But not everyone will be happy with it.
That's because the governor's proposal to raise $1.8 billion by uncapping the Oil Company Franchise Tax (OCFT), assessed on diesel and gasoline at the wholesale level, will likely be passed on to businesses and consumers, according to trade groups and analysts.
The proposal calls for a five-year phase out of the OCFT cap, with one-third coming off in 2013, 2015 and 2017, according to PennDOT. Parallel to the uncapping is the 2-cent, or about 17 percent, cut to taxes at the pump.
"If we don't do something about this, public safety will be affected," Corbett said about transportation infrastructure at an event last week.
The OCFT is about 19 cents per gallon of gas and 26 cents for diesel, according to the state Department of Revenue. In the first year of uncapping, that would increase to 29 cents and 39 cents a gallon, respectively.
Because market prices fluctuate each year, wholesalers are different, and many factors such as weather affect prices, it's not clear how much will be passed on at the pump, revenue spokeswoman Elizabeth Brassell said.
Although the additional funding will fix deficient bridges and rebuild pockmarked roads, some find it evident the changes will increase costs to businesses and consumers.
"The admission that it will affect people kind of comes in the cut to the tax at the pump," said Peter Swan, an associate professor of logistics and operations management at Penn State Harrisburg.
He said he expects wholesalers to pass all the extra tax expenses on to consumers and businesses. Any company with a fleet of vehicles and buying large quantities of fuel is going to pay more.
Representatives from the Pennsylvania Petroleum Marketers & Convenience Store Association, a trade group for fuel wholesalers and retailers, did not return several requests for comment.
Added costs were part of the reason for the years with no changes to the OCFT, according to the Corbett administration.
"The phase-in allows businesses to plan for the uncapping of the franchise tax and any impact," said Kelli Roberts, a spokeswoman for Corbett.
Despite costs, many industries are relieved Corbett is moving forward on plans to fund maintenance of road and bridges as well as mass transportation.
The Keystone Transportation Funding Coalition — a broad group of manufacturers, transportation groups, the trucking industry, general business advocates, unions and community groups — expressed its support for such plans at a summit Monday.
Aside from the safety of roads and bridges, the group urged financial support at the state and federal level for ports, airports, mass transit and even bike and pedestrian routes as a way to provide diverse, safe ways for people to travel, but also a means for commerce.
"We can work together … to finally get this done," said David Patti, president and CEO of the Pennsylvania Business Council.
Jim Runk, president of the Pennsylvania Motor Truck Association, said trucking companies don't like taxes but because roads and bridges are so vital to the efficiency of the industry, they're willing to be leaders, support the governor's plan and pay their fair share.
The spaced-out cap removals will lessen the bite of increases, he said.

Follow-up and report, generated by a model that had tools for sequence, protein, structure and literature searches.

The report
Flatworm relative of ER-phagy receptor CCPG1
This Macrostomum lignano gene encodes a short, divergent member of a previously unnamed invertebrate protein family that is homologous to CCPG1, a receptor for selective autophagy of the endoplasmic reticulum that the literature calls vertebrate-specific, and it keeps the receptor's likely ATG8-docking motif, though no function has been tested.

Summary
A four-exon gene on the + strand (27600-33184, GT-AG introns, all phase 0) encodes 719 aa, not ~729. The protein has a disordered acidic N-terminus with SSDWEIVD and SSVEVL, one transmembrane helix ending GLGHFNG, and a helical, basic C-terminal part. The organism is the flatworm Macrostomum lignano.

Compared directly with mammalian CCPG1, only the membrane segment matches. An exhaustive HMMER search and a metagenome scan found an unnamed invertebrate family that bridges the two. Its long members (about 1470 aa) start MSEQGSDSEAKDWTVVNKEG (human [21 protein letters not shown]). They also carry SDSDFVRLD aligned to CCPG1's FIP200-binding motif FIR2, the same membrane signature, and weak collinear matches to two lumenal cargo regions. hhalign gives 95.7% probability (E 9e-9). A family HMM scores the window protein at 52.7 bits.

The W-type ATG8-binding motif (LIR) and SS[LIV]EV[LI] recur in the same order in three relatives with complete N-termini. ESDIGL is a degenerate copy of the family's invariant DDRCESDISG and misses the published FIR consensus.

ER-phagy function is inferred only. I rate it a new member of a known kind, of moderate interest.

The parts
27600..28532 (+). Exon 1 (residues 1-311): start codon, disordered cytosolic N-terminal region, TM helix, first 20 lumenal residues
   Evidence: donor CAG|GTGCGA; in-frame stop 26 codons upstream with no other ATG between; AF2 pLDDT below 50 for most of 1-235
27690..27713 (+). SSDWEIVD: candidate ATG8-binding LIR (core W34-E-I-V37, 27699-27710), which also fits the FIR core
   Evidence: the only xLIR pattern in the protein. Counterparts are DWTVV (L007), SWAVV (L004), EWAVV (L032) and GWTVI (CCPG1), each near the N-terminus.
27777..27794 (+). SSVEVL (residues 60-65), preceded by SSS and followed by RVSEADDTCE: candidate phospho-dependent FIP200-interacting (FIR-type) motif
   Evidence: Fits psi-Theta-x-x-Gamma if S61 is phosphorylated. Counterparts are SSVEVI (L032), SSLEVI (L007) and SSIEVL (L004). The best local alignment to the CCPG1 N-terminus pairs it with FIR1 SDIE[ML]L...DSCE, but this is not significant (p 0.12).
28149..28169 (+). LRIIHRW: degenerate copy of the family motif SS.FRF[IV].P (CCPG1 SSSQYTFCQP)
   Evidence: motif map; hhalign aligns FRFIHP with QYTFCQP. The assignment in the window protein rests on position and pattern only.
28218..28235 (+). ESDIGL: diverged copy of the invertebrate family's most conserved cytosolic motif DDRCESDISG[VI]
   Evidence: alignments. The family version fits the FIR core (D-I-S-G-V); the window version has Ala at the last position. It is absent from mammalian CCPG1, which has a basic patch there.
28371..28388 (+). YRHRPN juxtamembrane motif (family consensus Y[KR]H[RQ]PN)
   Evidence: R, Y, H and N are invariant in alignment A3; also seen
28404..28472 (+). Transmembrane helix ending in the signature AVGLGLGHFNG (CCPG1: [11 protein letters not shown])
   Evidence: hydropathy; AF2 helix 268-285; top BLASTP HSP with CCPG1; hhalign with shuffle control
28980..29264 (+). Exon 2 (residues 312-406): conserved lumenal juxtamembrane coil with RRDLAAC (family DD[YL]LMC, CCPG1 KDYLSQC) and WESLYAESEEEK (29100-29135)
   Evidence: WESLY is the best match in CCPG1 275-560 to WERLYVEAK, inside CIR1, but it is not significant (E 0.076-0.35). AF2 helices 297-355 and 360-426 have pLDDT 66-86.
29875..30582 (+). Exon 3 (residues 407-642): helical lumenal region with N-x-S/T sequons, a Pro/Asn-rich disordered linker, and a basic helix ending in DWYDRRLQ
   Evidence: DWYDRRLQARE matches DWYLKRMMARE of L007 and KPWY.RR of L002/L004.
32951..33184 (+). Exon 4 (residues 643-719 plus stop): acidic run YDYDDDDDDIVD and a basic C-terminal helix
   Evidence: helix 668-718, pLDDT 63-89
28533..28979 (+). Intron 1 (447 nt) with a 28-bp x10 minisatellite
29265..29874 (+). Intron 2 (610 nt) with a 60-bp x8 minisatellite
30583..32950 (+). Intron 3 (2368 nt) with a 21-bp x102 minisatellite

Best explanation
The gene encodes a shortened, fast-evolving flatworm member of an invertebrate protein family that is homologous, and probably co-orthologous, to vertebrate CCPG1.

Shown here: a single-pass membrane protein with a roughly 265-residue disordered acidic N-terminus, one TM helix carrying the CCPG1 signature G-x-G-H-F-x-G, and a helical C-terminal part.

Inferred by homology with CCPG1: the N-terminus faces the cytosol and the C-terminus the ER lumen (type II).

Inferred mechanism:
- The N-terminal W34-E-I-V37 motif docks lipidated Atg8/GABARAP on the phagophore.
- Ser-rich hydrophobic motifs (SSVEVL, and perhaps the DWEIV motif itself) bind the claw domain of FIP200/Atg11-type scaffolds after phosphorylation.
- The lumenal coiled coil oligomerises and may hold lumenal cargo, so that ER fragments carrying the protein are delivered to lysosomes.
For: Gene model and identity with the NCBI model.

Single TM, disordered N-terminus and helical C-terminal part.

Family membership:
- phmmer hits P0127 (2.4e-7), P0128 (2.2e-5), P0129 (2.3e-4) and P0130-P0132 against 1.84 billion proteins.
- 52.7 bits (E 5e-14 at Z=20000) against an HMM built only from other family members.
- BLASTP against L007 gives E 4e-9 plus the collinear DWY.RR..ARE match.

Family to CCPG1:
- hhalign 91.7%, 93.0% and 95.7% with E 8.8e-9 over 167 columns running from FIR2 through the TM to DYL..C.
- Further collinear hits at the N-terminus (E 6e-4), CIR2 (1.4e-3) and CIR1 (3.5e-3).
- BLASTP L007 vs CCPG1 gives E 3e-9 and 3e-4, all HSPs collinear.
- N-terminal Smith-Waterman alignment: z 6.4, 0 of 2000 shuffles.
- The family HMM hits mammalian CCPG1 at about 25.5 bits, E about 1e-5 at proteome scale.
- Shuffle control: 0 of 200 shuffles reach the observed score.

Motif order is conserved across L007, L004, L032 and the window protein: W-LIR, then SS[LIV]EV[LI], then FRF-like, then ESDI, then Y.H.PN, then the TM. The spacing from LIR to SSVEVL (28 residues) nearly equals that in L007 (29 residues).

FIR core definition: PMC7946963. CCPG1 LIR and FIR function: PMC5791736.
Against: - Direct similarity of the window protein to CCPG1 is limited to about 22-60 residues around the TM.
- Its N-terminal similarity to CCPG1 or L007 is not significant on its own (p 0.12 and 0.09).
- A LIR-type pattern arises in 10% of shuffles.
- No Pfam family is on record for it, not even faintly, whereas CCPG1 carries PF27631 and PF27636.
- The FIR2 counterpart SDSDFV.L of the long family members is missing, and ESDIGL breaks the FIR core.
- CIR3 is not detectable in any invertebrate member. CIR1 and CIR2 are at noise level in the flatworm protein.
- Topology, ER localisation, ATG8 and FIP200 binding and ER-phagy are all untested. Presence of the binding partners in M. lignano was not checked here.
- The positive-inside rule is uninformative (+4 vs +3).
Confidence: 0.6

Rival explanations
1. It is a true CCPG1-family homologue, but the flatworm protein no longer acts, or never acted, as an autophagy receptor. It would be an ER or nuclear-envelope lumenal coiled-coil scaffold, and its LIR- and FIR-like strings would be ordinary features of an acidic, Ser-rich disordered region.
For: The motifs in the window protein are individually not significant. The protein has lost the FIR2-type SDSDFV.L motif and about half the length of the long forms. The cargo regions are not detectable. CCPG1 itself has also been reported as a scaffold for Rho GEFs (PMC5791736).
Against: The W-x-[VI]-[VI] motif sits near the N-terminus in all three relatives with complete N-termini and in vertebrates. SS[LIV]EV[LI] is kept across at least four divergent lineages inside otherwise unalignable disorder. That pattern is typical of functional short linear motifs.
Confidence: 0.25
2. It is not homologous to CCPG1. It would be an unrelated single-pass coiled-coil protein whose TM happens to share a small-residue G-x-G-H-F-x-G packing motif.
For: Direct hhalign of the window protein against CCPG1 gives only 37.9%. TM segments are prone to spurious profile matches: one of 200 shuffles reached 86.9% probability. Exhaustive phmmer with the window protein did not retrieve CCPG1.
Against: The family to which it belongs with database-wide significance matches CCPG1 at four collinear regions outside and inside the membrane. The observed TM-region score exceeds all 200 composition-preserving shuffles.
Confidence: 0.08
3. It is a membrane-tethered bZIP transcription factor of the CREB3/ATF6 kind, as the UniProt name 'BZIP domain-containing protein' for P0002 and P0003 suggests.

"That makes sense," Runk said. "It lets us go back to the shippers to let them know there will be an increase in certain years."
As if another nod to the real impact that uncapping the OCFT will have, the Corbett administration left out registration and licensing fee increases from its proposals. That surprised Runk, who was on the governor's Transportation Funding Advisory Commission that recommended similar changes in 2011.
Registration fee hikes on trucks and trailers would've hit trucking companies hard. Some companies would be facing tens of thousands of dollars to register their fleets, executives said two years ago.
Other industries see transportation funding not only as a necessity, but as a way to rebuild a revenue stream that shrank during the recession as states tightened their belts.
"It means we can finally get back to business in the area of transportation," said Paul McNamee, the transportation client services manager at engineering firm KCI Technologies in Cumberland County.
Additional funding for transportation maintenance and construction projects means more work for engineering firms that have to design roads, bridges and transit, he said.
That also mean more work for companies that will build the infrastructure, he said.
"Transportation is difficult. It's a tough nut to crack, especially with the economy," McNamee said. "So I'm glad the governor took his time to think about it and put forward something that will improve our infrastructure."
Gov. Tom Corbett's plans for increasing transportation funding for roads, bridges and mass transit hinge on a five-year uncapping of the oil company franchise tax (OCFT) and a 2-cent (or nearly 17 percent) cut in the at-pump fuel tax. The actions are projected to raise $510 million in the first year and $1.8 billion by the fifth year. To help companies adjust to the OCFT uncapping, the second and fourth years will see no action.
TAX ACTIONS BY YEAR
Year 1: Uncap first 1/3 of OCFT. Cut at-pump fuel tax by 1 cent to 11 cents.
Year 2: Cut fuel tax by 1 cent to 10 cents.
Year 3: Uncap second 1/3 of OCFT.
Year 4: No action.
Year 5: Uncap final third of OCFT.